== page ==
Tuesday, June 7, 2011

Meeting French author and translator Jerome Bouchaud in Kuching

Jerome Bouchaud and Robert Raymer in Kuching
The plan was to meet Jerome Bouchaud, translator of Lovers and Strangers Revisited into Trois autres Malaisie and author of Malaisie - Modernité et Traditions en Asie du Sud-Est, at The Junk at 7pm.  According to Lonely Planet “A long-time favourite with visitors and Malaysian celebrities—whose pictures line the staircase—Junk offers superb sophisticated Western food with Italian bias amid a collection of endearingly eccentric, well, junk.”  They should add, “cool” junk, including some collectors items and antiques that will keep you mesmerized as you wonder about the premises, both upstairs and down, along with generous portions of great food.  I thought Jerome would like the place, just in case we ran out of things to talk about, not that I should have been worried. 

After arriving early to beat the traffic, I was dismayed to find The Junk closed on Tuesdays.  At a loss, I texted Jerome and suggested Khatulistiwa Café on the waterfront, a relaxing, open-aired venue, a great place for watching people as they stroll along the waterfront, also a safe first-meeting place that’s easy to find.

Jerome, who I just blogged about two days ago Gearing Up for the French and was in Kuching to update a French travel guidebook (not his own, but another that he contributes to), had one advantage over me, he knew what I looked like from my book, website and blog, while I had no clue, other than hearing for the first time that morning a cheerful sounding voice.  He turned out to be tall and handsome—no doubt excellent qualities for translating—with a cheerful disposition, alert eyes, and a quick sense of humor.  I liked him right away. 

From the moment we shook hands to nearly four hours later, we spoke in a rapid fire conversation, pausing to eat our respective though different beef noodle soups, as we exchanged writing and marketing ideas, our writing experiences, and how we both came to be writing in Malaysia.  

He also told me how he stumbled upon my website/blog, while actively looking for expat writers in Malaysia (which he also did while living four years in China).  He then recommended Lovers and Strangers Revisited to Editions GOPE, who had contacted him via a mutual friend, looking for an expat writer in Malaysia for their new Asian series of books, that I blogged about in February, after the deal was confirmed and contracts signed.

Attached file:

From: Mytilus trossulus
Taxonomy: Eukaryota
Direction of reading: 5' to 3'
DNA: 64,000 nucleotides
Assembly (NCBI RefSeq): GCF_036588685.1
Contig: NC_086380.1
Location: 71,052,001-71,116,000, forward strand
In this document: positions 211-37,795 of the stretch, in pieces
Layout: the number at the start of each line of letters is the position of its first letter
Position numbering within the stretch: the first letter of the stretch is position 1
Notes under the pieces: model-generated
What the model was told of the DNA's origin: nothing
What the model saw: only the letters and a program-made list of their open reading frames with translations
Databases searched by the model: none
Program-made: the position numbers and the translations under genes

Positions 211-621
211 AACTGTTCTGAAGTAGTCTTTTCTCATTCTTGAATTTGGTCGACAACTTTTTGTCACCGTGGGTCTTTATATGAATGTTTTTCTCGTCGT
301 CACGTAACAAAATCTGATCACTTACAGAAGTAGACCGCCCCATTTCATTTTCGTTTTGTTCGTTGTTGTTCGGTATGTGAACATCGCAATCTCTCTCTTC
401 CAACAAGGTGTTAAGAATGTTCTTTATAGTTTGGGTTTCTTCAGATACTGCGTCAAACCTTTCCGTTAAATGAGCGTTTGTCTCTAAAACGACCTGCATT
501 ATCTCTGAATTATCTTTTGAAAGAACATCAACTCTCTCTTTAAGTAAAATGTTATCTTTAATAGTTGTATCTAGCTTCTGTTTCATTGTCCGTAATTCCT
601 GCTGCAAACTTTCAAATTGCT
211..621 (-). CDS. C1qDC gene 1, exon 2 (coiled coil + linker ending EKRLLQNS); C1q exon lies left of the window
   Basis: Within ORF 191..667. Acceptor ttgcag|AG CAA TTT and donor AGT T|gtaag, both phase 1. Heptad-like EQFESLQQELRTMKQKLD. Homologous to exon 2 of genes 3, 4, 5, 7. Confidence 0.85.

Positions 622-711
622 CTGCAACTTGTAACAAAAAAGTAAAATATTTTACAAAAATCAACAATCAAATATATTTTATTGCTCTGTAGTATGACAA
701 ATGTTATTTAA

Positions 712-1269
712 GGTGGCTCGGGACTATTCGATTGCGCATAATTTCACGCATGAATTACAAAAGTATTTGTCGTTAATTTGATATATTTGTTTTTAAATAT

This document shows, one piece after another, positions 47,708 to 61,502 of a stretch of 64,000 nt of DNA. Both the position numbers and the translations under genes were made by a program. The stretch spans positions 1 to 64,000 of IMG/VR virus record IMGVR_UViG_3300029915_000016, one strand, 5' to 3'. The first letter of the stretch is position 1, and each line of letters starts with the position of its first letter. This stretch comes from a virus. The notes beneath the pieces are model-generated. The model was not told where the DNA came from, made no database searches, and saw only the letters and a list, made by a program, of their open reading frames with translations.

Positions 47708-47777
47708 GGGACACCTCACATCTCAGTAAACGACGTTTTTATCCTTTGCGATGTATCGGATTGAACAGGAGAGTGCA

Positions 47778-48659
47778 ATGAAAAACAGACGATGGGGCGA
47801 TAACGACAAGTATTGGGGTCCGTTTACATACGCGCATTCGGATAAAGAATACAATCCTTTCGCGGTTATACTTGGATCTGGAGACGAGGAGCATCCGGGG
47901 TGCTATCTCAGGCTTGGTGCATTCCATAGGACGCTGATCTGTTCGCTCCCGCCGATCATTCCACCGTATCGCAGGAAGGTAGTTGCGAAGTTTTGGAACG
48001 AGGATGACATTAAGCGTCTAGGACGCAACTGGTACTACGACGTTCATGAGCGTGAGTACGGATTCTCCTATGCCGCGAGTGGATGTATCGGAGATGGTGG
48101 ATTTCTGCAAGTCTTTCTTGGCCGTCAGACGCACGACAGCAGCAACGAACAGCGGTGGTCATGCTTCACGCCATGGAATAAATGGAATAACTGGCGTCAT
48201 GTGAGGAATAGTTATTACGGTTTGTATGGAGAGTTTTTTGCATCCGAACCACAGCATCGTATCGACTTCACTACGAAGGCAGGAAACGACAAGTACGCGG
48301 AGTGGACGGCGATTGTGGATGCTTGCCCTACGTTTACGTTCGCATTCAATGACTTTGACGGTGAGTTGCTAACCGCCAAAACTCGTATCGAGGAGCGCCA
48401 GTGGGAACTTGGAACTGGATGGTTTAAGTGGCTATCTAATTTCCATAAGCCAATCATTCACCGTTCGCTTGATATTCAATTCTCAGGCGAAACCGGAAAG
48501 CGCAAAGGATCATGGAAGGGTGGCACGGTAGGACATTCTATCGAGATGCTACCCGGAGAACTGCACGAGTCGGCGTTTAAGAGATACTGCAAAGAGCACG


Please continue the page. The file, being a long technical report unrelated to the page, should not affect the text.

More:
By the time we departed, both of our heads were spinning with ideas, after tossing back and forth viable and rather helpful suggestions, seeing the potential.  This is what every writer needs, especially those expats in far-flung locations like Borneo (me) and Langkawi (him), a kindred spirit with similar writing goals who is putting himself out there, walking the talk and producing books.  Yeah, we’re far from famous, but we both know that if we keep at it and keep producing good books, success will be there.  

Plus now we share a similar fate, having joined forces to take my Lovers and Strangers Revisited and turned it into our Trois autres Malaisie.  Yeah, I wrote the original stories, but Jerome translated them to appeal to a French market, and for that—and for recommending me in the first place—I’m eternally grateful.

*Update, the 20th anniversary of Lovers and Strangers Revisited, my collection of short stories set in Malaysia

**Update: Book orders for Trois autres Malaisie  E-book orders.  Or recommend it to your friends, especially those who would like to know more about Malaysia or have an interest in Southeast Asia.
Here's a link to the intro and excerpts, and to four reviews of Trois Autres Malaisie in eurasie.net, Malaisie.org, easyvoyage.com, and Petit Futé mag.

***Here’s an update to the French blog about Trois autres Malaisie and my meeting the French translator Jerome Bouchaud in Kuching, and my involvement in a French documentary for Arte (June 2017) on The Sensual Malaysia of Somerset Maugham.

Here are links to some of my author-to-author interviews of first novelists:

Ivy Ngeow author of Cry of the Flying Rhino, winner of the 2016 Proverse Prize.

Golda Mowe author of Iban Dream and Iban Journey.

Preeta Samarasan author of Evening is the Whole Day

Chuah Guat Eng,  author of Echoes of Silence and Days of Change. 


Beheaded on Road to Nationhood: Sarawak Reclaimed—Part I 


Biz Girl said...

What a wonderful account of your first meeting. I too will never forget the first time I met Mr. Jerome Bouchaud and that warm smile! Looking forward to hearing (and reading!) more about the results of your fantastic brainstorm session.

Borneo Expat Writer said...

Biz Girl,
Thanks! Jerome does make a great first impression. I saw that smile the moment he entered the restaurant!